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Unread 11-07-2009, 06:08 AM   #7
kappa505
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I have that problem with the dipstick, and from what I have read it may be solved with replacing the PCV that is clogged or broken. I just haven't gotten around to it with mine.
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"Nothing in the world can take the place of Persistence. Talent will not; nothing is more common than unsuccessful men with talent. Genius will not; unrewarded genius is almost a proverb. Education will not; the world is full of educated derelicts. Persistence and determination alone are omnipotent. The slogan 'Press On' has solved and always will solve the problems of the human race." Supposedly President Coolidge
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Unread 11-07-2009, 06:17 AM   #8
Flange
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Quote:
Originally Posted by bigirons79CJ5 View Post
The gears will fall out pretty easily when the cover is removed, but they are very simple to work on and to get realigned when you install them.
To get the oil pump to prime after replacing or rebuilding, I use a small clear tube(about 2-3 feet in length) full of motor oil. I stick the tube in the center hole were the oil filter screws on and use a little bit of compressed air to blow the oil from the tube into the gears of the oil pump. Then screw your filter back on and start. Sometimes it took two tubes of oil to get it primed.

After my rebuild a little over a year ago, I have the same problem. High oil pressure. My pressures run about the same as everyone elses on here. I fought with leakage issues for a while and finally got them under control. I installed the polished aluminum valve covers that don't have holes cut in for breathers. I've been pondering the idea of drilling one or both out and installing a breather. The reason I'm thinking of installing a breather is that I have some oil getting blown out of my dipstick tube. Does anyone think it'll solve my problem?
Thanks for the response and thats a great looking 304! So I just want to be sure...even if I remove the current pump to inspect for issues I will need to reprime it if I put that pump back on? Or is it that I only need to prime a new pump if I deceide to replace the current one?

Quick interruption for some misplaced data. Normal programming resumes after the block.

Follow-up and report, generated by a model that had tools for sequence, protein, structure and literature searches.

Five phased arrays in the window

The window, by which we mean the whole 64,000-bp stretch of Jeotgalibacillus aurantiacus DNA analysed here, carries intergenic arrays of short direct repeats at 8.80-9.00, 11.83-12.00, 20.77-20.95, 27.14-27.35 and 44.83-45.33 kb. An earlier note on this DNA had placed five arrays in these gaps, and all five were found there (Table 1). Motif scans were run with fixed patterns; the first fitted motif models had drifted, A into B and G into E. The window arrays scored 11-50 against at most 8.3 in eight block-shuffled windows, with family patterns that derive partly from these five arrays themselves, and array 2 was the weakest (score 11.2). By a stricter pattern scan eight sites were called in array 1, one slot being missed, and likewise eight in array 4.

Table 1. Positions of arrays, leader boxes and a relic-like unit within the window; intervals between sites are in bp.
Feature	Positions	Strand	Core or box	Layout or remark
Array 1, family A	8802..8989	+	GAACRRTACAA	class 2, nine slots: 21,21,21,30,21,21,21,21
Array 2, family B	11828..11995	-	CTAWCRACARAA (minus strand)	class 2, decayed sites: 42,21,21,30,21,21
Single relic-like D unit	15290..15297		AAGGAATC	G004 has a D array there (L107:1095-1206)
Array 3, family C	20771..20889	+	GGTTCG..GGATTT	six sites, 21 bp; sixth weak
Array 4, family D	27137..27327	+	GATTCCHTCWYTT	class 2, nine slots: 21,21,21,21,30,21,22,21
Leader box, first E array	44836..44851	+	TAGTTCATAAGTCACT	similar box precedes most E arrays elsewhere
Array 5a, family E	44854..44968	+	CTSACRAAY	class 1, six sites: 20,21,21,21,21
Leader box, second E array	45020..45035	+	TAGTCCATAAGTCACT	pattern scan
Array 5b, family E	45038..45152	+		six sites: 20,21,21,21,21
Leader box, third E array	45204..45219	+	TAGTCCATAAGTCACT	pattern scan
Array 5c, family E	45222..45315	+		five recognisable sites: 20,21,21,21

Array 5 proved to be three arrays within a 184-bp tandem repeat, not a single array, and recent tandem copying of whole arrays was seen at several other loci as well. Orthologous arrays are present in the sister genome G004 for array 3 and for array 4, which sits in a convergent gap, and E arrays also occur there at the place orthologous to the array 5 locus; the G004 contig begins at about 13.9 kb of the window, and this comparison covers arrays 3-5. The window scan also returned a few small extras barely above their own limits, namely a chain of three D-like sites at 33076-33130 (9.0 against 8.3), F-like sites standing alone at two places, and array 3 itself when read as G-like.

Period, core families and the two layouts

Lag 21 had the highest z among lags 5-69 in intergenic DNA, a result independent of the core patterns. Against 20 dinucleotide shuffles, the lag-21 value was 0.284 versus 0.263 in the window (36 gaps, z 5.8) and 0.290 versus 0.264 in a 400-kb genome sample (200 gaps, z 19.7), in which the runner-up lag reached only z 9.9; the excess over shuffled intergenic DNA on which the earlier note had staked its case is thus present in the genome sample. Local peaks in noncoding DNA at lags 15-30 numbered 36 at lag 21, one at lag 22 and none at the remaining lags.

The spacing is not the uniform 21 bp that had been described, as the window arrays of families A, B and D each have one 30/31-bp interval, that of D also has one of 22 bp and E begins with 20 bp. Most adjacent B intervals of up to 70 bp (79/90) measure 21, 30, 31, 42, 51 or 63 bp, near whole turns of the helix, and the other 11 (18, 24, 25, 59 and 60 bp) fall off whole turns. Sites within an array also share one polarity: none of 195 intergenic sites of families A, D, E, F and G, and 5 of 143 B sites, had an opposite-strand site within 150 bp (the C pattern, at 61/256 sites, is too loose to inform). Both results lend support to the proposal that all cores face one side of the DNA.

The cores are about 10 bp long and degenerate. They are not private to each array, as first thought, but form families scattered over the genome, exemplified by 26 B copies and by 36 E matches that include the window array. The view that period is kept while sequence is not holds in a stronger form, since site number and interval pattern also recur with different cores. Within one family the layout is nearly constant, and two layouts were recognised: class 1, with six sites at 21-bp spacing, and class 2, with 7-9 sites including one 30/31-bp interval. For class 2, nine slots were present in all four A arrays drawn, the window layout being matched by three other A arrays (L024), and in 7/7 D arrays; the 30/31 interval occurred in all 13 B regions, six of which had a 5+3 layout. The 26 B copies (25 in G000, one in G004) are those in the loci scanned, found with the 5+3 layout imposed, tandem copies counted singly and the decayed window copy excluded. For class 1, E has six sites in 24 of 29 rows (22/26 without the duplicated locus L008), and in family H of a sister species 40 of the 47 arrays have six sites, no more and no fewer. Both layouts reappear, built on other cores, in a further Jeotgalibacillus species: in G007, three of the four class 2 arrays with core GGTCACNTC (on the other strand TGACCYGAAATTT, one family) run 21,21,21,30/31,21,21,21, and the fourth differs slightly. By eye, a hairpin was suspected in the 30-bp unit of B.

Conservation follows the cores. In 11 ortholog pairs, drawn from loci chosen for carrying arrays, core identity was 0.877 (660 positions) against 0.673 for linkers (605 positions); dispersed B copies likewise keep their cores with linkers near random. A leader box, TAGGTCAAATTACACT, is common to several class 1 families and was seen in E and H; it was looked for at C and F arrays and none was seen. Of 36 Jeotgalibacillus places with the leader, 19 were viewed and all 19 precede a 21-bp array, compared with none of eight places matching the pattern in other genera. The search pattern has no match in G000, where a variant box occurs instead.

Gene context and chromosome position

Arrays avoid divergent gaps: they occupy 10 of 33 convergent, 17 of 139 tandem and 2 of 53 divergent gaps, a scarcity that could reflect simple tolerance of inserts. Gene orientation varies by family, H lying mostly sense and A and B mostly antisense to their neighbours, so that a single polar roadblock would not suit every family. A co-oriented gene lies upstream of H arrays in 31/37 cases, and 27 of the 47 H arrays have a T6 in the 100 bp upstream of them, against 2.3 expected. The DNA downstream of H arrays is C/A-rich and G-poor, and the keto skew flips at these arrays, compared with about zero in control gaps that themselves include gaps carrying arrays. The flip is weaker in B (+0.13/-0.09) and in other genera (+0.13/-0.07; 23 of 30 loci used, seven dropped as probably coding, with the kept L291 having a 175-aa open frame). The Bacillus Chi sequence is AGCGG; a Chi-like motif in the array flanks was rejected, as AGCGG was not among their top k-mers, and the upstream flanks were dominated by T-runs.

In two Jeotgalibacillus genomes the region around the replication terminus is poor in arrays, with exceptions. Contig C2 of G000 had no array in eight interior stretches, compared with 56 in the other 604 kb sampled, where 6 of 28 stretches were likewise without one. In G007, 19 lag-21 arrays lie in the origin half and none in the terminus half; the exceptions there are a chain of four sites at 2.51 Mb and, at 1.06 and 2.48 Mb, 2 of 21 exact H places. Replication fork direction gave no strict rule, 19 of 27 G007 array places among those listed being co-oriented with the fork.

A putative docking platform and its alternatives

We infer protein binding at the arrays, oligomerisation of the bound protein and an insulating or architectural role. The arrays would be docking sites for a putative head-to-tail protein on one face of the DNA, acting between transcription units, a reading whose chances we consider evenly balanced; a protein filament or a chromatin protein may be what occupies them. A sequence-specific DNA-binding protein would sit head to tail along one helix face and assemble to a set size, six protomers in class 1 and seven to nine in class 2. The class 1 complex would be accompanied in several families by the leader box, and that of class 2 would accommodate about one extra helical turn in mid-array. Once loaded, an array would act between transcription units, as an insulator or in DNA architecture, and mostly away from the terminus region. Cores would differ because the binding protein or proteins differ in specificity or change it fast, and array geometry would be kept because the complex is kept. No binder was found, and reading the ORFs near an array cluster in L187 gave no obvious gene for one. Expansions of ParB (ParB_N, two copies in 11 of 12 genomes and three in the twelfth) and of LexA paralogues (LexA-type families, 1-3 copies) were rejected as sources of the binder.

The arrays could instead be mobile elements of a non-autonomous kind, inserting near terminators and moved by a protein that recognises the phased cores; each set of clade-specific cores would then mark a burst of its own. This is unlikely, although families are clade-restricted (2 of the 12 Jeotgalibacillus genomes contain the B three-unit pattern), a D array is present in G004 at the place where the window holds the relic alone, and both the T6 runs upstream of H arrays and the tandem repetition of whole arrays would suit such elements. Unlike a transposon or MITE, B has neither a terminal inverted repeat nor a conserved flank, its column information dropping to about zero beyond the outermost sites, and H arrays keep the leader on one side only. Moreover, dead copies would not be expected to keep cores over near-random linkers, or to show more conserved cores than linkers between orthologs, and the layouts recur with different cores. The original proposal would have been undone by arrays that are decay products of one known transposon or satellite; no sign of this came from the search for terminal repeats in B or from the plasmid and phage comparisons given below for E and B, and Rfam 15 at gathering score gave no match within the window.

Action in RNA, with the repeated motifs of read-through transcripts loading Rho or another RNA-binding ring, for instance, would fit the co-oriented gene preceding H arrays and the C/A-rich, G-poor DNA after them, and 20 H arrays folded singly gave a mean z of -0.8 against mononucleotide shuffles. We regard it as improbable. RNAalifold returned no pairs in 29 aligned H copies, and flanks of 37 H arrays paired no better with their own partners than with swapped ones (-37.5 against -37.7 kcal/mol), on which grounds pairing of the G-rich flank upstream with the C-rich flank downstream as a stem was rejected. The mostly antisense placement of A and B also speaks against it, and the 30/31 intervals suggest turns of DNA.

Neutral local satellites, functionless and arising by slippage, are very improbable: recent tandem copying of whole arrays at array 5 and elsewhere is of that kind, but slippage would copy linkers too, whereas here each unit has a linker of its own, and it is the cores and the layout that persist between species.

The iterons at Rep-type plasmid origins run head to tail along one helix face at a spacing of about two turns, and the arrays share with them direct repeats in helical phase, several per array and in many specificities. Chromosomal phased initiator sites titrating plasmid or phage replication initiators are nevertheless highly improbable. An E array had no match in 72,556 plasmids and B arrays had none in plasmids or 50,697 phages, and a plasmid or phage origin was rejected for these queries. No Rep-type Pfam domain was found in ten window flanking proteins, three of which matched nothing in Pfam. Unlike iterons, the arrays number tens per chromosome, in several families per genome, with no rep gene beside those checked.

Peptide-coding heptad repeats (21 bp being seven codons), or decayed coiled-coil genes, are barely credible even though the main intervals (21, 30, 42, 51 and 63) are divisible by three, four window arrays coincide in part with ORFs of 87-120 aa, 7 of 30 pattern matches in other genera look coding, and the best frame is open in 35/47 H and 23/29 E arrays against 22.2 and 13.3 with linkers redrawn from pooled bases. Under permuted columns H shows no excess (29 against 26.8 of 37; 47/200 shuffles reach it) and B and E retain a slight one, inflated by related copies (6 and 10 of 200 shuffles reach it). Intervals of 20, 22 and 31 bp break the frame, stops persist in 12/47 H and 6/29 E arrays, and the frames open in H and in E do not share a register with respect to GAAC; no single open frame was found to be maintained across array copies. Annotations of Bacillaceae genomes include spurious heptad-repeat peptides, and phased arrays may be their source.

BTW I installed the same valve covers on my 304. Let me know if setting up a breather system helps with your oil PSI. Maybe I will go the same route.

Thanks in advace for the help.
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Unread 11-07-2009, 07:00 AM   #9
JeepHammer
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AMC V-8 pumps fall out in your hand with little to no work.
Taking one out isn't an issue, getting it back in correctly is usually the 'Problem'...

What I want to know is why you haven't reported the 'High Pressure' reading...

With 10W40 or 15W40 oil you can EASILY reach 'High' oil pressures when you start up,
Mine often reads 80+ PSI on startup...
Nothing wrong with that if you don't have a breaker points distributor (and '83 does NOT)...

You get above 100 or 120 PSI, then you might have some issues with the oil filter housing, they like to give way at the seam about 110 or 120 PSI, and I've seen them separate the canister from the base about the same pressure...

After changing to a filter that COULD take the pressure, we ran oil pressures up to 140-150 pretty regularly.
At around 150-160 we started to get oil leaks past stock type seals, so instead of trying to seal up past that pressure,
We simply limited the pressure at about 140 PSI or so, and never had any issues with the engines, and the AMC V-8's LOVED the extra oil that was delivered.